Bill Hoffman, staff.Photo Lisa Williams153801
Bill Hoffman, staff.Photo Lisa Williams153801

OPINION: Refugee policy shames us all for our silence

OUT at Cherbourg they have the Ration Shed, a museum that chronicles a reality most Australians choose to ignore.

Yet there remain many of us who become at first defensive then aggressive when challenged by the truth of white settlement, the frontier wars and the policy of government that resulted in First Australians being slaughtered or removed from their country and incarcerated.

So controlled were the lives of those who lived on Cherbourg, a settlement that included aborigines dragged from locations all over Queensland, that permission had to be sought to leave its perimeters for any reason.

The history of the treatment of the indigenous population post white settlement cannot be denied despite the strenuous efforts over time to ignore it or to diminish its telling as part of our national story.

We continue to struggle to accept ongoing problems of poverty, health, education and life expectancy among indigenous communities stem from that past, unable or unwilling to apply a perspective not informed solely by our individual experience.

It is part of this country's DNA, perhaps even more so than some of the great myths we celebrate around our involvement in foreign conflicts.

From any perspective other than our own, since the 1960s Australia's engagement in war has been as an invader, a member of coalitions that have wreaked havoc from Vietnam to Afghanistan and Iraq.

A period of momentary clarity saw our doors open for refugees from Vietnam.

Recent history is less enlightened.

The global humanitarian crisis now playing out as people attempt to escape the carnage created in part by the Coalition of the Willing of which we were part, has exposed ugly truths about our national character.

On Manus Island and on Nauru successive Australian governments have again incarcerated people against their will whose only crime was to ask our help.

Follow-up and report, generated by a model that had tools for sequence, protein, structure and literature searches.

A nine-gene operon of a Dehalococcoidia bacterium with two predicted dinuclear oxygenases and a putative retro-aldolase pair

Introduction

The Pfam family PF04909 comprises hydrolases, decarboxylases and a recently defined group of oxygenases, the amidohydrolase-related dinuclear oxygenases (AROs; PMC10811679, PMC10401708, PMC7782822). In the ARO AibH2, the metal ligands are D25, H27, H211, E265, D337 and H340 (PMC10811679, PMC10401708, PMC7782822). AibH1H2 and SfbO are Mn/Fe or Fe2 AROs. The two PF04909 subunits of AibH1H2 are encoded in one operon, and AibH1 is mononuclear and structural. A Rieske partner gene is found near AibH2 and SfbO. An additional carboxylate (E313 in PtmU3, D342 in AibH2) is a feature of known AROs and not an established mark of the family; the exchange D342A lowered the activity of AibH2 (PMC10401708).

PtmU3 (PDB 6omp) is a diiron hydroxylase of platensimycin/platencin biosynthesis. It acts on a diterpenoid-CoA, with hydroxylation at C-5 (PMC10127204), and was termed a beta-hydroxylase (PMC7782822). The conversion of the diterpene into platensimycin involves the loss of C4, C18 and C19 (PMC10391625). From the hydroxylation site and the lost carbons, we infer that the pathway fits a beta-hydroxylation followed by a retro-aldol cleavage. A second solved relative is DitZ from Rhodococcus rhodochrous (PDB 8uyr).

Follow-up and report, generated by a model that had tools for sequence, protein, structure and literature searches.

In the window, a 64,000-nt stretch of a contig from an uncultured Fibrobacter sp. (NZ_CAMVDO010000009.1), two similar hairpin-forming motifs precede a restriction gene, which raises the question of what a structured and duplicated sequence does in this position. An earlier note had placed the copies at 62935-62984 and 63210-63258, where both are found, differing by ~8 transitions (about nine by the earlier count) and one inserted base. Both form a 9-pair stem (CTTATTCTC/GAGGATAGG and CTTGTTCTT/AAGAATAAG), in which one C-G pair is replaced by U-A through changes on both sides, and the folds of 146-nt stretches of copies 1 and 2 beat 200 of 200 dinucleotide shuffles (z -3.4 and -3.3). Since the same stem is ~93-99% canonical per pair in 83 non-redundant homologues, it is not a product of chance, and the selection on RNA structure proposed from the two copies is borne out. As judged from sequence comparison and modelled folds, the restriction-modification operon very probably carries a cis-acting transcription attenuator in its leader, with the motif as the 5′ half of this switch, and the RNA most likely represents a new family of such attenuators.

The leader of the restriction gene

How quick were we to accept as reality the myths of children overboard, queue jumpers and illegals and to reach for misinterpretations of the Koran and Biblical passages to justify the unjustifiable, and then to look away?

And how quick were politicians to mine ignorance for votes rather than to acknowledge our actions have had consequences for which we were being asked to accept - compared with Europe - just a minor responsibility?

Fortunately good people have always been willing to stand up and not only call naked emperors for the fools they are but to also reach out a helping hand.

On the Sunshine Coast the refugee support group Buddies, its membership drawn from every section of the community strongly supported by the Anglican and Catholic churches, has stood up.

It has not only challenged the evil of racism and xenophobia, but reached out to refugees opening their home to people others demonise.

During the last school holidays Muslims from six different countries and their families were billeted in Sunshine Coast homes for a week of language and cultural immersion.

They arrived with eyes hooded, nervous of what to expect, cautious to have any expectation beyond the twilight zone to which they have been condemned by Australia's refusal to honour the international agreements to which it is a signatory.

Buddies Refugee spokesman Fergus Fitzgerald - an engineer who has worked across the globe - described the week as like watching plants flower.

By day three people who culturally were reserved to the point of not being able to make eye contact not through deviousness but respect, opened themselves up to not only be hugged but to hug.

Meanwhile on Manus Island and Nauru successive Australian governments have spent billions to provide no hope and the most basic of living conditions, suspending in limbo people foolish enough to think we would care.

Such is the despair that comes from the absence of hope that immolation and suicide have become means of escape.

The decision of the PNG Supreme Court to find the Manus Island facility in breach of its constitution, illegally denying freedom to people who have done no wrong under PNG law, should be the circuit breaker that allows a reset of asylum seeker policy.

That will only happen however when ordinary Australians stand up and demand our politicians deliver policy that represents the best, rather than the worst, of our national character.

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